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Inside mechanisms sustaining cancer stem cells

Final Report Summary - INMEC (Inside mechanisms sustaining cancer stem cells)

The most recent hypothesis on cancer progression implies the existence of a rare subset of cancer cells, the so called Cancer Stem Cells, endowed with “self-renewal” properties and thus responsible for tumor growth and maintenance. This hypothesis implies that Cancer Stem Cells must be eliminated to completely eradicate the tumor. However, direct proof of such hypothesis is still lacking.
We have previously demonstrated that the self-renewal ability of Cancer Stem Cells -a feature required for the maintenance of a Cancer Stem Cell pool and for tumor growth- is linked to the tumor suppressor p53 and the cell cycle inhibitor p21. Specifically, i) an increased frequency of symmetric divisions due to inactivation of p53; ii) increased replicative potential due to upregulation of p21.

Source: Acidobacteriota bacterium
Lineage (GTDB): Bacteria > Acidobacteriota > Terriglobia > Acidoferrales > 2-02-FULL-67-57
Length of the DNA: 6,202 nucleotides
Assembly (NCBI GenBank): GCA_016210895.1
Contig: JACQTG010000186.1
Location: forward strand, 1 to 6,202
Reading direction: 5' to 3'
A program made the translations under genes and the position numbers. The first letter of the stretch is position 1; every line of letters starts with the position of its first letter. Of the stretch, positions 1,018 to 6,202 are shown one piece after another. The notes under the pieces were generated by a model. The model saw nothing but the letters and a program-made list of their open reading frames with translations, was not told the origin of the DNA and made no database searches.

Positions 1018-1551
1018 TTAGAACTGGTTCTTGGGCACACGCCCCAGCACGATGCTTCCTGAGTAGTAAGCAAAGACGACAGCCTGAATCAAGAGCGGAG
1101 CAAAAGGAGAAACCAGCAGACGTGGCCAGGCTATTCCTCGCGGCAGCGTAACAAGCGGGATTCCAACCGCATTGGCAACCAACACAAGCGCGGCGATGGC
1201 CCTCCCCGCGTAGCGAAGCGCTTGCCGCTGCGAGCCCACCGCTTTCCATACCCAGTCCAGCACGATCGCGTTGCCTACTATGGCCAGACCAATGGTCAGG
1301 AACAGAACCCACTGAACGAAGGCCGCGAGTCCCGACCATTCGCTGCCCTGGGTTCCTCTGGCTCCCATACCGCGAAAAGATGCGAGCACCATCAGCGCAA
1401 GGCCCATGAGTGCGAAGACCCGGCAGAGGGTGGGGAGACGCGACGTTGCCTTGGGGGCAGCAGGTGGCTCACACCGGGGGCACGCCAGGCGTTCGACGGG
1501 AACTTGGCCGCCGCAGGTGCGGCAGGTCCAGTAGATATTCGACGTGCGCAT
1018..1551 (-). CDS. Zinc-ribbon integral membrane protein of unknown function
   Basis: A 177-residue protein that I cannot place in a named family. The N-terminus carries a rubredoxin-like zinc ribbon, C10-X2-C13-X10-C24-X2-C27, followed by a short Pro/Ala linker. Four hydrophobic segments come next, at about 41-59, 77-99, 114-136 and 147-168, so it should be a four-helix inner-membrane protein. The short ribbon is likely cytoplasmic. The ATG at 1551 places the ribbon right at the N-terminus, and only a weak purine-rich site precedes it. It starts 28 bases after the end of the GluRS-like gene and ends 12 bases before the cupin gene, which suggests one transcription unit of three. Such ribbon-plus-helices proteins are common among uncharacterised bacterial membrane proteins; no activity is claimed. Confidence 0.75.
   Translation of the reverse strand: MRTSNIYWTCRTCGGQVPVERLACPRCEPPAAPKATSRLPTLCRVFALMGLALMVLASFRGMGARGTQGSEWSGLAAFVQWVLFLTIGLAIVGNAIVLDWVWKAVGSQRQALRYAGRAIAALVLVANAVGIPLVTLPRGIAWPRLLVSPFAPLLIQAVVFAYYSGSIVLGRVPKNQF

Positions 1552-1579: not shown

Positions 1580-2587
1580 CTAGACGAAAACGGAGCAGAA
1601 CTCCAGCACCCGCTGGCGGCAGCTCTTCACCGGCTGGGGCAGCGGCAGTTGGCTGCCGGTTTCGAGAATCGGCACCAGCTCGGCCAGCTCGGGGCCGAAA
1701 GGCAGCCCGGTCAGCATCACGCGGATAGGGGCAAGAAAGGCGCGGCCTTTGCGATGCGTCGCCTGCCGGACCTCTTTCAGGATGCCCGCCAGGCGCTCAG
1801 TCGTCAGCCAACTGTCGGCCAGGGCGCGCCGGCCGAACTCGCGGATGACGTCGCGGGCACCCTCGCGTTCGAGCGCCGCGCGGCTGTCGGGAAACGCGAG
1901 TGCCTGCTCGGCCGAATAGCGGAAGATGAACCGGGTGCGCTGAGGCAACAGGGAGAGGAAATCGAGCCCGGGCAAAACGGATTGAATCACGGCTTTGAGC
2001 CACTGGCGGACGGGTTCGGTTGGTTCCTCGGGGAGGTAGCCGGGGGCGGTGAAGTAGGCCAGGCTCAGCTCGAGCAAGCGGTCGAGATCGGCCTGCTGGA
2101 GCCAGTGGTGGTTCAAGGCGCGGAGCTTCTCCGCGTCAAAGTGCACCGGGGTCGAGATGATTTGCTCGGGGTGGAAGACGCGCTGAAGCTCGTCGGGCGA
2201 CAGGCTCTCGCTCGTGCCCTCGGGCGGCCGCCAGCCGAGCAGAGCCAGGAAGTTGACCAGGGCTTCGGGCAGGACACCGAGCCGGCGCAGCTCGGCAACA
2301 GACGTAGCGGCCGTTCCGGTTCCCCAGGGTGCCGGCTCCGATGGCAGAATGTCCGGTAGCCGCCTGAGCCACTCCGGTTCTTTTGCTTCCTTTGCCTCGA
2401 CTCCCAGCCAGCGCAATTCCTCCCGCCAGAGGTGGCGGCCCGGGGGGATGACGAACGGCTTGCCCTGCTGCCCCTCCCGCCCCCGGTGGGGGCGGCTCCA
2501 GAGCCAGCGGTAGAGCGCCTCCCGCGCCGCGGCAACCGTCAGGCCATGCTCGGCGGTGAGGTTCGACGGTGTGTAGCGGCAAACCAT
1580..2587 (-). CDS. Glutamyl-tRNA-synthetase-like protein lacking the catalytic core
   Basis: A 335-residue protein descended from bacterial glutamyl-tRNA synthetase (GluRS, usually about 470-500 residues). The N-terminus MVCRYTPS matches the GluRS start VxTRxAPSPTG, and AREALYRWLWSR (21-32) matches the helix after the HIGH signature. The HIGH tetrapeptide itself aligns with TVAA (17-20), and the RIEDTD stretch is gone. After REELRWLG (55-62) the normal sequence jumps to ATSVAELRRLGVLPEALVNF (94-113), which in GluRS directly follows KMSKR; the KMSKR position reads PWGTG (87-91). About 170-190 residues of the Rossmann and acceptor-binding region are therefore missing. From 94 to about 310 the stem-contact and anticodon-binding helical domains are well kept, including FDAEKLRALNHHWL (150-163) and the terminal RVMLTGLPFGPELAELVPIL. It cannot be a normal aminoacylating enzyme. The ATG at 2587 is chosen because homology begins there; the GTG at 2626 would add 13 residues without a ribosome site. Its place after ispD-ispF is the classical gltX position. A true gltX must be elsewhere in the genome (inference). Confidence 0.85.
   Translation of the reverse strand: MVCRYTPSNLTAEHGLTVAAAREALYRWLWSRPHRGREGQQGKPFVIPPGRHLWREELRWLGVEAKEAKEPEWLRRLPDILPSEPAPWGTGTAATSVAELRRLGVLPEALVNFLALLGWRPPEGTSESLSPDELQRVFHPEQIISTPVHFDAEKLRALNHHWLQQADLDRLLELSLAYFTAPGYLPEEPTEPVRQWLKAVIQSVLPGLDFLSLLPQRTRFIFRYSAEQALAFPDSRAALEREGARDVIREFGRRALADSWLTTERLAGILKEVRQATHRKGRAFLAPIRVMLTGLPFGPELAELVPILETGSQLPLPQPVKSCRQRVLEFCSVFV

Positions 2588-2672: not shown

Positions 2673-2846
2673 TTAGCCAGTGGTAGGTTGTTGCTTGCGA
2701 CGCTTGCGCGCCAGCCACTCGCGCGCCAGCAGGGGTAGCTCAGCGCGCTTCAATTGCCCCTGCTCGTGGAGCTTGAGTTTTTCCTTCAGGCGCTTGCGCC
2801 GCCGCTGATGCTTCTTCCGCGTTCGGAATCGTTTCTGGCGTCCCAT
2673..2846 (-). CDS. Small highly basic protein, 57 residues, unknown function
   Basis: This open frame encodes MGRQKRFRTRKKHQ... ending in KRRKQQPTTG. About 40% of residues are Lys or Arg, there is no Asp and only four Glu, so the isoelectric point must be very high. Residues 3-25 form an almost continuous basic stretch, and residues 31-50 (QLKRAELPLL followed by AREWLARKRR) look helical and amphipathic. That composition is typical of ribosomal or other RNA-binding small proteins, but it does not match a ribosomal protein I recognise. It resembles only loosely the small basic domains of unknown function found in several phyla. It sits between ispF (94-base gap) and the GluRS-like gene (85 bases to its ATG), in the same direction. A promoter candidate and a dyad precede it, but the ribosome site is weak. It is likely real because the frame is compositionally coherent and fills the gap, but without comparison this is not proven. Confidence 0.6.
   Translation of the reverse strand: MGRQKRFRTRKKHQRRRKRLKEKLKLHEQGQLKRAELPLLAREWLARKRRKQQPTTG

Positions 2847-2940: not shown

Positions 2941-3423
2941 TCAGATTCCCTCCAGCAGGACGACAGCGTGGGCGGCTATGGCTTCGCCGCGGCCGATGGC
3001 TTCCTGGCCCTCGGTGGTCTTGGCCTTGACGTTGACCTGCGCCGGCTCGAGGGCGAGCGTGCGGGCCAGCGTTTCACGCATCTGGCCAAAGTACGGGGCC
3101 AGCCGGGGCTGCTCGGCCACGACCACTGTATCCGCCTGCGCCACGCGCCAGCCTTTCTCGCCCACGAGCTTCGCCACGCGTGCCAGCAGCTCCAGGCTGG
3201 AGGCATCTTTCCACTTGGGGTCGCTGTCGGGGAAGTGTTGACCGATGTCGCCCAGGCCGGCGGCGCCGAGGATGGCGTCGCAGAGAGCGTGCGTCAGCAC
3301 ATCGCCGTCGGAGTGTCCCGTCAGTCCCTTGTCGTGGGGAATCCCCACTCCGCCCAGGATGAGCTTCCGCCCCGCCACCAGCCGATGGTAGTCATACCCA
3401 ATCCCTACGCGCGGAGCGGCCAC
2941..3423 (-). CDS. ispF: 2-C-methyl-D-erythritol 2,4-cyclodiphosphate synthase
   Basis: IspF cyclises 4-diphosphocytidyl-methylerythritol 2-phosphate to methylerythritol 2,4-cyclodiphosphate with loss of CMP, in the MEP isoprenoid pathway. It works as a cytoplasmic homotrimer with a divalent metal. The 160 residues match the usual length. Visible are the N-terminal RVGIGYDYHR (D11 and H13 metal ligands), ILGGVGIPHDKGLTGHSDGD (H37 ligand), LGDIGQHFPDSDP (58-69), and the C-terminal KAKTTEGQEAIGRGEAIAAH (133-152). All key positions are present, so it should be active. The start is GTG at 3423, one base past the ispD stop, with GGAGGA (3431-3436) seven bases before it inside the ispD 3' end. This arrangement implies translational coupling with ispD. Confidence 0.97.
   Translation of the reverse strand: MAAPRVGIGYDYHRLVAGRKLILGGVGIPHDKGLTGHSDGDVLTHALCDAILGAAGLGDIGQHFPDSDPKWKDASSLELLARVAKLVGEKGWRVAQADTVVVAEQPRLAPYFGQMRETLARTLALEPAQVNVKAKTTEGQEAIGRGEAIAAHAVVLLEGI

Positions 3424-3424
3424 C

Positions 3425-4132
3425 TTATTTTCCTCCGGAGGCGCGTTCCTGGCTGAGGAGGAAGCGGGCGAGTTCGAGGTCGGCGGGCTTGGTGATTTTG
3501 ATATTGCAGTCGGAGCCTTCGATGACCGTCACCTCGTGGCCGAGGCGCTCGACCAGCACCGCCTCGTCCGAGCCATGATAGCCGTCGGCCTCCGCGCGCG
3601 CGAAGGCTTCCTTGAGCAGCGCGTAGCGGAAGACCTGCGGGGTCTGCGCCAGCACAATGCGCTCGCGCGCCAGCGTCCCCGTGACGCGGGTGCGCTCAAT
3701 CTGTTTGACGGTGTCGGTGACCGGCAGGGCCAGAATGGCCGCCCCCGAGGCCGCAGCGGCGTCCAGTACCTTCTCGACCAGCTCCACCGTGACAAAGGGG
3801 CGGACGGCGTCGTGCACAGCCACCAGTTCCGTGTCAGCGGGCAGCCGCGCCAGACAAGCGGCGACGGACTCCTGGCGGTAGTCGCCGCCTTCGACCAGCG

The objective of this proposal was to explore the intrinsic, cellular mechanisms responsible for the altered self-renewal of cancer stem cells affecting tumor growth and tumor heterogeneity.
Our results determined how cancer stem cells contribute to the generation of tumor heterogeneity and to tumor growth, and strongly suggest mechanisms for leukemia maintenance and relapse.